The town of Moore has been all but demolished by a horrifically strong tornado that stayed on the ground for more than 40 minutes, chewing up buildings and spewing debris throughout the area. The confirmed death toll is bad enough, but it’s expected to rise as rescuers sweep what remains of Moore:
Rescue teams combed through pulverized buildings and splintered homes early Tuesday after one of the deadliest tornadoes in U.S. history blasted through the suburbs of Oklahoma City, killing at least 51 people — including 20 children.
Officials warned that the death toll from Monday’s mid-afternoon twister was almost certain to rise significantly when dawn broke in the devastated city of Moore, and as more bodies were taken to the medical examiner.
Children were among the many missing after the tornado delivered a direct hit to two elementary schools. Seven children drowned in a pool of water at Plaza Towers Elementary School, which was all but leveled.
Be prepared for the number to go up:
“It is going to go higher,” Rep. Tom Cole, R-Okla., said Tuesday morning on MSNBC’s “Morning Joe” of the death toll.
The New York Times puts the death toll higher already:
Emergency crews and volunteers continued to work through the early morning hours Tuesday in a frantic search for survivors of a huge tornado that ripped through parts of Oklahoma City and its suburbs, killing at least 91 people, 20 of them children, and flattening whatever was in its path, including at least two schools.
While the town got some good news from schools in the immediate aftermath, “dozens” were still trapped in one by late last night:
Plaza Towers Elementary School in Moore was reduced to a pile of twisted metal and toppled walls. Rescue workers were able to pull several children from the rubble, but on Monday evening crews were still struggling to cut through fallen beams and clear debris amid reports that dozens of students were trapped. At Briarwood Elementary School in Oklahoma City, on the border with Moore, cars were thrown through the facade and the roof was torn off.
The Tulsa World has a more pessimistic take on Plaza Towers:
In a drizzle under hastily erected bright lights, dozens of emergency workers searched into the night Monday for the missing children at the flattened Plaza Towers Elementary School.
“They’re looking for life, but they have not had any hits recently, so they’re in recovery mode now,” Gov. Mary Fallin said late Monday after touring the devastation.
About half of the injuries, CNN reports, probably came from flying wood in the storm:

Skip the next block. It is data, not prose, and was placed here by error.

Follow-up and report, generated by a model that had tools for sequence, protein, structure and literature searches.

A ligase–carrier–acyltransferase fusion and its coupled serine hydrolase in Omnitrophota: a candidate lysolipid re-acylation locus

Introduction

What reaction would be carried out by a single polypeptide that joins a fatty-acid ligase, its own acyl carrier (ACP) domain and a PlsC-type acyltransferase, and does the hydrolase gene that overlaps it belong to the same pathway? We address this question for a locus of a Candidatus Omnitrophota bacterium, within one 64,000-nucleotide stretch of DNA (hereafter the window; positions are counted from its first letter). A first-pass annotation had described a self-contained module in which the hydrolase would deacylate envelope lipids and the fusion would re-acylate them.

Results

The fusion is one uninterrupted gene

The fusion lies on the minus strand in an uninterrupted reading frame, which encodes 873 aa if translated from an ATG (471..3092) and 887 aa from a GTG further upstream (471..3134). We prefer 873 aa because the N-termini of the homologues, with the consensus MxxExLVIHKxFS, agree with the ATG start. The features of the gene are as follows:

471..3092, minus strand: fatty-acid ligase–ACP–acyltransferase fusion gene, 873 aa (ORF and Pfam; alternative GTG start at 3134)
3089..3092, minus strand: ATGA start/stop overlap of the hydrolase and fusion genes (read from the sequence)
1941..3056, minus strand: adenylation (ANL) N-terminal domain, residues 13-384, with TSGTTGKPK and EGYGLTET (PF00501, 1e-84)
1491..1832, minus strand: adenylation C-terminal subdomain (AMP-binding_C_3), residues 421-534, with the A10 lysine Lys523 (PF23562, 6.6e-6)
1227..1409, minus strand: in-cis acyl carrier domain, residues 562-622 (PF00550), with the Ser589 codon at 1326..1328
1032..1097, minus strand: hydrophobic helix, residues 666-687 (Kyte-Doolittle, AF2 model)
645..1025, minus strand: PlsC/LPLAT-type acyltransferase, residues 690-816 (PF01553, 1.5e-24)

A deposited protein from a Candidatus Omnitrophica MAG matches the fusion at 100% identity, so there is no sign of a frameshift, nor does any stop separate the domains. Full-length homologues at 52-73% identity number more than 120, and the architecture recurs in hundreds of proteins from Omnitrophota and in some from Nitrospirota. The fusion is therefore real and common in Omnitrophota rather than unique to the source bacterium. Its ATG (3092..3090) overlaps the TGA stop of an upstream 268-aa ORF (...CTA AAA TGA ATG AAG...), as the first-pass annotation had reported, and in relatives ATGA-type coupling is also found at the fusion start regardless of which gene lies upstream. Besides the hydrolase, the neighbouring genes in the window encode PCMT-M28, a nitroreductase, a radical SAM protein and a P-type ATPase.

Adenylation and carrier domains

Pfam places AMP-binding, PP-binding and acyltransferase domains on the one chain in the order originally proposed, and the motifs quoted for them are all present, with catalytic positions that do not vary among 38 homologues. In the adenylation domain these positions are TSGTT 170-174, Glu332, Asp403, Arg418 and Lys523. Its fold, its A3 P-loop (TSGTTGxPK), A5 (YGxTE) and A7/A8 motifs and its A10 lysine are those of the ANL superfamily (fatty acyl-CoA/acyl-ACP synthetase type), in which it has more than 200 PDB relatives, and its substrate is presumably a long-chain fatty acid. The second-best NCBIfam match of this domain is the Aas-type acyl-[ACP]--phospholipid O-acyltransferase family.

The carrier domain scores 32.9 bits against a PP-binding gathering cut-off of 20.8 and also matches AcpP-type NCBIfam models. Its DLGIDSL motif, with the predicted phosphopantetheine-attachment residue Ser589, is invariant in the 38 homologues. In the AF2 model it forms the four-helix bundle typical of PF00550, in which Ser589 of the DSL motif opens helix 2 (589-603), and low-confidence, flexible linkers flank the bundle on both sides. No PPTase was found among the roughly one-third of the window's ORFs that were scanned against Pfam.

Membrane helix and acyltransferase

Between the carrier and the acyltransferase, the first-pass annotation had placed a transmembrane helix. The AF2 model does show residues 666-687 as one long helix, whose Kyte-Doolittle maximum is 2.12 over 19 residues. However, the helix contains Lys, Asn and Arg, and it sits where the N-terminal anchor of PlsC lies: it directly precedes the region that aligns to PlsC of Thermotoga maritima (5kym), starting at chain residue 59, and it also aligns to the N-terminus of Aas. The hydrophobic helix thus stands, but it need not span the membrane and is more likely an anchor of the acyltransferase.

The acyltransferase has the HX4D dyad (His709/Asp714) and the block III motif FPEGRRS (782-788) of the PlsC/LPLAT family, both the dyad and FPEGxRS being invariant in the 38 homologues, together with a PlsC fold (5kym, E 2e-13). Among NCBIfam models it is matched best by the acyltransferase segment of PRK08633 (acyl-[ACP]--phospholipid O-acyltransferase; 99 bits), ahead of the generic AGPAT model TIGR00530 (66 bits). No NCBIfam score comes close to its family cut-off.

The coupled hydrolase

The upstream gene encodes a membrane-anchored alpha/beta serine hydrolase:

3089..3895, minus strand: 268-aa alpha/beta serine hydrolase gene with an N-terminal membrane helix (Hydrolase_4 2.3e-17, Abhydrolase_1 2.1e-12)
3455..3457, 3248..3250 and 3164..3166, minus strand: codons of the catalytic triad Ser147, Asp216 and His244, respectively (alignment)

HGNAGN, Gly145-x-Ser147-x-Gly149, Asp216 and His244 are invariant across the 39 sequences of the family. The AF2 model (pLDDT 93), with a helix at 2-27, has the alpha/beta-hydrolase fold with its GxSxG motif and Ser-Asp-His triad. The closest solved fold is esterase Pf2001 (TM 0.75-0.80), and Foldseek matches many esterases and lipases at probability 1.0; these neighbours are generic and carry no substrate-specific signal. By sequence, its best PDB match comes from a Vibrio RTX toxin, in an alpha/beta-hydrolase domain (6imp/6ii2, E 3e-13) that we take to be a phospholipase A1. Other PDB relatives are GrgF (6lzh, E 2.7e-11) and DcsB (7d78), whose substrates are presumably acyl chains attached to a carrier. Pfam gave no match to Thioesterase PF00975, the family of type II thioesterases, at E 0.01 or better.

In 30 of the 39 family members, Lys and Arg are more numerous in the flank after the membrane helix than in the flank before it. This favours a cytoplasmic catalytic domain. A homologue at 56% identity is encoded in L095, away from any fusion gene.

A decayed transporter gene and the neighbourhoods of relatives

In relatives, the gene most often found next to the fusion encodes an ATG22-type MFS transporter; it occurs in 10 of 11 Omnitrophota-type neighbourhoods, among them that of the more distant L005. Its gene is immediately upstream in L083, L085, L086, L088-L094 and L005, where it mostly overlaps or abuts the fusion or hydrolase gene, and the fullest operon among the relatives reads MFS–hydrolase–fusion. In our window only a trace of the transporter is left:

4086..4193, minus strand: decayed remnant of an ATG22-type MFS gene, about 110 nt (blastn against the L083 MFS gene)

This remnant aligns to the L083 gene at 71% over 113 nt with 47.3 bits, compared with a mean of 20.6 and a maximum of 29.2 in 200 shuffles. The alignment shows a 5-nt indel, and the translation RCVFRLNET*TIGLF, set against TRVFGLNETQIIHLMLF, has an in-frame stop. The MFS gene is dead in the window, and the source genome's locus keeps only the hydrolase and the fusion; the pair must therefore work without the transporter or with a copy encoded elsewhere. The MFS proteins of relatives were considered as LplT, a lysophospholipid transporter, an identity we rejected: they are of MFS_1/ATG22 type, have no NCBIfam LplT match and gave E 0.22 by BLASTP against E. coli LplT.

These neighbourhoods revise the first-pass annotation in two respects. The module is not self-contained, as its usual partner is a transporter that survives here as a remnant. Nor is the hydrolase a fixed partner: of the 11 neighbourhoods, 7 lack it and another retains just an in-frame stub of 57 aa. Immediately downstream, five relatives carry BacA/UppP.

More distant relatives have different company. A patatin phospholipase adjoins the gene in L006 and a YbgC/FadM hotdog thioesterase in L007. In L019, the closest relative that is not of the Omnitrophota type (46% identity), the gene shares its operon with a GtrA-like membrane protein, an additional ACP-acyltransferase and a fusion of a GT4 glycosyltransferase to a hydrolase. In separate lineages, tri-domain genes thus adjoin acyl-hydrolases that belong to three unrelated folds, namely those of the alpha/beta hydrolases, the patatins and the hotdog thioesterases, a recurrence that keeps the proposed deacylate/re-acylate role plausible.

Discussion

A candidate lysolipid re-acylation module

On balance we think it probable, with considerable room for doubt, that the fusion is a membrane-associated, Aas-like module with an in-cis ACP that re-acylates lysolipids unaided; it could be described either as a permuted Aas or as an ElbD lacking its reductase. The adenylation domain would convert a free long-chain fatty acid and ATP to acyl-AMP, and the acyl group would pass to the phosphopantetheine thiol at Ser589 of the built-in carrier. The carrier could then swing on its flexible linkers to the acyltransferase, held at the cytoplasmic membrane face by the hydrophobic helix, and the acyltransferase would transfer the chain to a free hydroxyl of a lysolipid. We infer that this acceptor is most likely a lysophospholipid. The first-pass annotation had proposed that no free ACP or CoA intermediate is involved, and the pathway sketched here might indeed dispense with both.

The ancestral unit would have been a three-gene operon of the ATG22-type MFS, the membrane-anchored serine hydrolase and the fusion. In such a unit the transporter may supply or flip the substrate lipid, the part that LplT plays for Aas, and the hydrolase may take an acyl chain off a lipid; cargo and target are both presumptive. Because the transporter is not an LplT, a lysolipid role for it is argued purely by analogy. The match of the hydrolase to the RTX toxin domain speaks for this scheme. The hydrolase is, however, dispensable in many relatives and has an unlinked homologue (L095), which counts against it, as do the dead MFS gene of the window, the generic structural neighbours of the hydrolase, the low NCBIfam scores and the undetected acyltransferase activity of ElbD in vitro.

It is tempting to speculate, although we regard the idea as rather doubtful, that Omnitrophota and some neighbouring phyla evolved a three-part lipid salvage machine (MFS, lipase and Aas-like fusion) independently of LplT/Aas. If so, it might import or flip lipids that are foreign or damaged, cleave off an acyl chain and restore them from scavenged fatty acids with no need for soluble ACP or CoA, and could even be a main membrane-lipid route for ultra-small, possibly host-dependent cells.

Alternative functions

If you want to know how to help the victims of the disaster, KSDK and USA Today give the information:
American Red Cross
The American Red Cross has several shelters open in Oklahoma and Red Cross Emergency Response Vehicles have begun delivering hot meals throughout the affected areas. The Red Cross is also working to link loved ones in Moore who are OK through a website called Safe and Well. Text REDCROSS to 90999 to give $10 to American Red Cross Disaster Relief, donate online, or donate by phone at 1-800-RED CROSS.
The Salvation Army is activating disaster response teams and mobile feeding units to help residents and rescuers in Moore, Okla., as well as in other locations in the Plains and the Midwest that were impacted by tornadoes. Donate online or text STORM to 80888 to contribute $10 to the Salvation Army’s relief efforts or make a donation by phone at 1-800-SAL-ARMY. If you’re sending a check make sure you put the words “Oklahoma Tornado Relief” on the check, and mail it to: The Salvation Army, P.O. Box 12600, Oklahoma City, OK., 73157.
Los Angeles-based international relief agency Operation USA announced it’s providing emergency aid where needed to community-based health organizations across Oklahoma. Donate online, by phone at 1-800-678-7255, or by check made out to Operation USA, 7421 Beverly Blvd., PH, Los Angeles, CA 90036. You can also donate $10 by texting AID to 50555. Corporate donations of bulk quantities of disaster-appropriate supplies are also being requested.
Oklahoma Baptist Disaster Relief
Oklahoma Baptist Disaster Relief says it has deployed at least 80 volunteers to respond to severe weather in Oklahoma. Those interested in helping can make a tax-deductible donation to the BGCO’s Disaster Relief ministry online or call (405) 942-3800. You may also send checks to: BGCO Attn: Disaster Relief 3800 N. May Ave. Oklahoma City, OK 73112.
And pray for all those in Oklahoma — the victims, their families, the physicians and their staffs, and the first responders who will have a horrible, horrible task ahead of them.
Update, 9:28 am ET: Possibly some good news — the toll has actually gone down considerably, at least for now:
— ABC News (@ABC) May 21, 2013
That’s still going to go up as rescuers go through the town, but at least it won’t be quite as bad as feared.